What You Need to Know About Virtual Family Offices

In a virtual family office, most professionals serving the family are not in a physical office, which means the family office team can be situated almost anywhere. Additionally, these virtual family offices can comprise employees, individual professionals, a remotely-based multi-family office, or any combination thereof.

Depending on the complexity of its principals’ needs, a virtual family office can offer a cost-effective alternative to a fully staffed and officed employee structure.

The best family office structure for your situation will consider elements such as the type of family’s assets, net worth, origin, the frequency with which the principals intend to communicate with their experts, the family office budget, and how much specialized knowledge is required.

As a general guideline, the following ranges serve as a practical framework for a family office structure:

  • $10 million to $250 million in assets: A virtual family office will offer the most flexible and affordable approach.
  • $250 million to $750 million: The most common approach is a blend of on-site employees and outsourced services.
  • More than $750 million: A dedicated family office is likely the best approach, supplemented by outsourcing specific deep expertise as required.

Flexible Approaches

If you believe a virtual family office is appropriate, you have considerable flexibility in choosing your structure. For instance, some families are well-served by multi-family offices staffed with experts providing administrative, financial management, accounting and reporting, and other services for many similar families.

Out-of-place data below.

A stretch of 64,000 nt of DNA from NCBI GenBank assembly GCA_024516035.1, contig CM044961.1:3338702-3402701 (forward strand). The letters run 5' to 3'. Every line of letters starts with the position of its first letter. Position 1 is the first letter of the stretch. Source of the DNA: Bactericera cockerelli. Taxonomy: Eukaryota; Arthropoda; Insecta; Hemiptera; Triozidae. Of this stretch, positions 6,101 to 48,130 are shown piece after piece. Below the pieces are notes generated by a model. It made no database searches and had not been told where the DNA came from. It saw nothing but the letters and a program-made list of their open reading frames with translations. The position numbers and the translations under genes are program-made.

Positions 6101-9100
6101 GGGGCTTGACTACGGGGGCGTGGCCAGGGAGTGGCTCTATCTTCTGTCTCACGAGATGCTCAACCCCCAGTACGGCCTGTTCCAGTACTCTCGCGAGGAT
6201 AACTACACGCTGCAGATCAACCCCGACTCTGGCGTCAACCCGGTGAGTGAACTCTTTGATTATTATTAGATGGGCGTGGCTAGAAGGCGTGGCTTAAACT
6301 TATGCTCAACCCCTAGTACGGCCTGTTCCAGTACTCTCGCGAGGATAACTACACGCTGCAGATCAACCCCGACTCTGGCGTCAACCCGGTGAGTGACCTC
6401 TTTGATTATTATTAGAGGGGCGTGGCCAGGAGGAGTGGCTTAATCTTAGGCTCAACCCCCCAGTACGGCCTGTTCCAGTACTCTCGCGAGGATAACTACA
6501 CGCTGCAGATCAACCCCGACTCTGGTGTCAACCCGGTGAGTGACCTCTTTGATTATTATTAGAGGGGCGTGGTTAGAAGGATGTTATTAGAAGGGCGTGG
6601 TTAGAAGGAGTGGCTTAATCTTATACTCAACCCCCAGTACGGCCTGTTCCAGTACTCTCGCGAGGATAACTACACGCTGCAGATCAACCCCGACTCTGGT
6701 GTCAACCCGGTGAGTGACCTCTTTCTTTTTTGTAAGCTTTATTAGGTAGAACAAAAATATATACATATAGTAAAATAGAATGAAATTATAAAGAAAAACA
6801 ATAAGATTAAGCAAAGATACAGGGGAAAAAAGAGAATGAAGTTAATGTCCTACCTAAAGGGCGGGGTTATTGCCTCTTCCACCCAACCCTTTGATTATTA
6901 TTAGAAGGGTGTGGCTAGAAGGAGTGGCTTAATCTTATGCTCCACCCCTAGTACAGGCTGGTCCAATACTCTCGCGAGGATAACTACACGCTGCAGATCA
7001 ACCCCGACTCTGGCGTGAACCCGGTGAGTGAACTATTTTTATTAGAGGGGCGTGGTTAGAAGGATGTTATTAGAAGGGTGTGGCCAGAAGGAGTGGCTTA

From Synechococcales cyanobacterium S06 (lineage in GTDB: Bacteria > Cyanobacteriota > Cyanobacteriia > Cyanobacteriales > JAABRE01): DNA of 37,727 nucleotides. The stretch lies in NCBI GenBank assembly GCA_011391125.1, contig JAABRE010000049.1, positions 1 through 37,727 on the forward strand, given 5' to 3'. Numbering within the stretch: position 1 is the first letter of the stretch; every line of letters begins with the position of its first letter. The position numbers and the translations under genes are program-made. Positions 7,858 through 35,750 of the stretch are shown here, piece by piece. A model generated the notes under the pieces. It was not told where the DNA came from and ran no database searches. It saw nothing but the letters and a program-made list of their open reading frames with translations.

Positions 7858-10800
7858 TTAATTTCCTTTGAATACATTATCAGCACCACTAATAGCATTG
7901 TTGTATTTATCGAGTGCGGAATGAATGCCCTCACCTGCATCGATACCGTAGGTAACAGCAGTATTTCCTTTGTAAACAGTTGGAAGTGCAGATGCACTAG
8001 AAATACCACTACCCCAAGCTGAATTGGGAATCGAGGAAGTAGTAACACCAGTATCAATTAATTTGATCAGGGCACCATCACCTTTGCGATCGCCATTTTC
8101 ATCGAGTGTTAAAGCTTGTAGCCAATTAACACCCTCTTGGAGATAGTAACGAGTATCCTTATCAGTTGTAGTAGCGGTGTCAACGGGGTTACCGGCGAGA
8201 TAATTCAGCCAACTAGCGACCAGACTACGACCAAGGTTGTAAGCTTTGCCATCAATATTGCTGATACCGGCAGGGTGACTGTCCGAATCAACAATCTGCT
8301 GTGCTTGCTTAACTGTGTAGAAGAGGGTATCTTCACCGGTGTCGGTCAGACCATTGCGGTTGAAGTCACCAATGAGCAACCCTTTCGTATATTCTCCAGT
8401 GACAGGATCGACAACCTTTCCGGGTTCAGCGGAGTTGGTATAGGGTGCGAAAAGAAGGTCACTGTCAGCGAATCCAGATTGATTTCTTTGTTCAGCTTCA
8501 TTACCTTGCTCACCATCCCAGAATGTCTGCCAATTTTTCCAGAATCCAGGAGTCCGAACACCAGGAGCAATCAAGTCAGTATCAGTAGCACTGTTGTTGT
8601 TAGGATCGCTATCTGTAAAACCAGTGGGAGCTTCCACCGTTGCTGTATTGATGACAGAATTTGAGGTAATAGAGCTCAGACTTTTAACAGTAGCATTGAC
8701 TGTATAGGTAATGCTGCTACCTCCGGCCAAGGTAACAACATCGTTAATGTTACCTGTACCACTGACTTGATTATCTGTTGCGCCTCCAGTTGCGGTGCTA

A potential advantage of a multi-family office is that specialized expertise or investment ideas can be shared among several families. While the family office team will respect each client’s privacy, they can discuss situations in general terms and exchange ideas in a way that’s not possible within a single-family office structure.

Additionally, the multi-family office structure offers added protection because the family is not relying heavily on just one professional for its administrative needs. Sharing these responsibilities among several people can provide continuity when the family’s primary provider takes a vacation or is otherwise unavailable.

In other situations, a family will combine employing a full-time professional to provide essential services, such as bookkeeping and bill payment, while outsourcing specialized expertise in accounting and reporting, investment management, and real-estate management. This approach allows the family office to manage its administrative, investment, and accounting needs, often for significantly less than the cost of a dedicated professional team.

Coordination and Oversight

Perhaps the most significant challenge a virtual family office presents is coordinating the various professionals and ensuring required services, such as paying bills, preparing financial reports, and the more strategic investment and family issues are being performed and addressed on a timely basis.

In most situations, families rely on an experienced and trusted professional to coordinate and oversee the family office’s team, including their investment, legal, tax, accounting, and administrative professionals. This can be a family member, a full-time employee, or a contracted professional providing services on a virtual or outsourced basis.

Our recent article, Why the Right Quarterback is Critical to Your Family Office, covers this in-depth, but to summarize, this role is critical in ensuring a family office’s operations and responsibilities fit together and are communicated appropriately.

Need help determining if a virtual family office is right for you? Contact our team for assistance reviewing your situation and implementing a roadmap to meet your family office’s goals.